For our Contemporary Issues in Publishing module we are treated to a talk from an industry professional every Monday night and I must say, we’re completely spoilt. The standard of lectures and the insight we’re given into this evolving profession is invaluable. Last Monday was no different, as we listened to the tales of the bard, John Blake, publishing guru.
We had spent the afternoon considering who would win the battle of biography versus autobiography – not an easy decision. It’s clear that stories from the horse’s mouth hold more appeal. If you’re a fan, you’re going to lap up everything the writer (ghost or otherwise) has to say, but isn’t a biography going to provide a more balanced view? We had to agree, the success of a celebrity book has a lot to do with timing. If the subject is in the public eye already and has followers who want to learn more about them, there’s room for biographies to sell well if the buyer isn’t provided with many alternatives.
During his Masterclass, John Blake shared a few stories with us of his path from journalist to the most famous publisher of celebrity autobiographies in the UK today. He started out by achieving great success with the autobiography of Lenny ‘The Guv’nor’ McLean, aka. The Hardest Man In Britain – he was a bareknuckle fighter, bouncer, actor and everything else you could possibly associate with such a nickname, yet Blake didn’t really know who he was. Several weeks prior to the release of Guy Ritchie’s Lock, Stock and Two Smoking Barrels, in which McLean starred, he was diagnosed with lung cancer and wanted to release his memoirs while he still had a chance. Blake took him on and was astounded at the attention the book received. He remarked that he knew the book was going to be a success when a number of copies were stolen from a book fair, so eager were his fans to get hold of a copy. The book shot to number one in the charts on its release, and poignantly, McLean passed away the next day.
This startling triumph lead to a series of ‘hard-man’ books that kept McLean’s autobiography in hardback for four whole years. It was clear to Blake that there was an untapped market in the shape of people who wanted to read about those they could relate to, somebody who could give them the inside scoop; an eyewitness account of daily celebrity. Blake published the autobiographies of David Jason and a relatively unknown Piers Morgan. He concentrates on mass-market, high profile non-fiction.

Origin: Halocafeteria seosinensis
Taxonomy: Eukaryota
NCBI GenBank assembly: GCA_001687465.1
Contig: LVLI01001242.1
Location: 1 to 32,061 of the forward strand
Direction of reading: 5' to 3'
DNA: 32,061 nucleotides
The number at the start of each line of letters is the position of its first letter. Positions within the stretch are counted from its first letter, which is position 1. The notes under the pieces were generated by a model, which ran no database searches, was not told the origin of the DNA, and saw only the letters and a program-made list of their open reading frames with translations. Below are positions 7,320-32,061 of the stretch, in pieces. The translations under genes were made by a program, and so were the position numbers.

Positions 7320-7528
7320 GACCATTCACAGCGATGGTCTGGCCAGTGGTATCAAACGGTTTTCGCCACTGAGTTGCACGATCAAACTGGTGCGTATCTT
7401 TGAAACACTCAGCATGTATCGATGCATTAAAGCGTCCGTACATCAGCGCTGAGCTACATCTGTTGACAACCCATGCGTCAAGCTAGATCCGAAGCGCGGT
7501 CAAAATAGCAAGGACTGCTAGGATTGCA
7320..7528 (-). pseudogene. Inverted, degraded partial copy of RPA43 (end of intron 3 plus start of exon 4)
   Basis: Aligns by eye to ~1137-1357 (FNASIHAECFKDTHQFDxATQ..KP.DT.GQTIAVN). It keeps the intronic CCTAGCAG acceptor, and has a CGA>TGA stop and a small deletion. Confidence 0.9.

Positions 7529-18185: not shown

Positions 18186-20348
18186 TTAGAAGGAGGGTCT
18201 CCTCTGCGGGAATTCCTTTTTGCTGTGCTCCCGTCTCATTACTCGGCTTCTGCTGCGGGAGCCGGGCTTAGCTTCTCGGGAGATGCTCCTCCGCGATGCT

Since then, however, celebrity books have gone on to receive a sorry reputation. They’re said to be trashy with weak content, published to satisfy demand. With so many under-25s selling their story, do the critics have a point? In recent years Blake has become known for commissioning the books of Katie Price, aka. Jordan, whose “autobiography”, Being Jordan outsold Ian McEwan’s Atonement by 10:1.
Blake would rather we asked, ‘who has the right to say that the lives of the working class shouldn’t be recorded?’ He thinks that if Dickens were around today he’d rather read about someone like Crissy Rock than a member of the middle classes. In fact, it’s likely that Dickens’ contemporaries turned their noses up at the prostitutes and inhabitants of workhouses in his novels. Is the present echoing the past? Can’t we accept that it’s in our nature to be curious, that so many people are fascinated by the hardships and successes of others?
John Blake explained that celebrity books are engaging people who may not otherwise read. Testing the water can build confidence leaving readers feeling more encouraged to buy another book. Where’s the harm in that?
The Masterclass was full of precious portions of information. One of which really got me thinking. It’s becoming apparent that people don’t want to read bitchy gossip any more, that heart-warming tales of love and success are big sellers in todays ‘era of austerity’. Malcolm Welshman’s Pets in a Pickle, memoirs of a country vet, has sold more than David Nicholls’ One Day. I had no idea this was the case. Not only do I quite badly want to read about Welshman’s escapades, but it reminded me of the recent trend towards anti-bullying in todays press. The American celebrity blog run by Perez Hilton has taken action, it no longer wants to be cruel to those it posts about. The Leveson enquiry is bringing the celeb bashing tabloid newspapers and magazines to its knees. Has our decision to try and see the friendlier side of life lead to all of these changes, or have we finally, simultaneously, realised the error of our nosy ways?
Whatever seems to be going on, this Masterclass raised a whole list of issues that have been simmering below the surface in my head. I suppose it boils down to ‘How interested should we be?’ and whatever the answer, ‘Is that a bad thing?’
What do you think?
…I’ll leave these thoughts with you for now. It’s midnight, my eyes are tired and I can no longer see the screen. Fare thee well.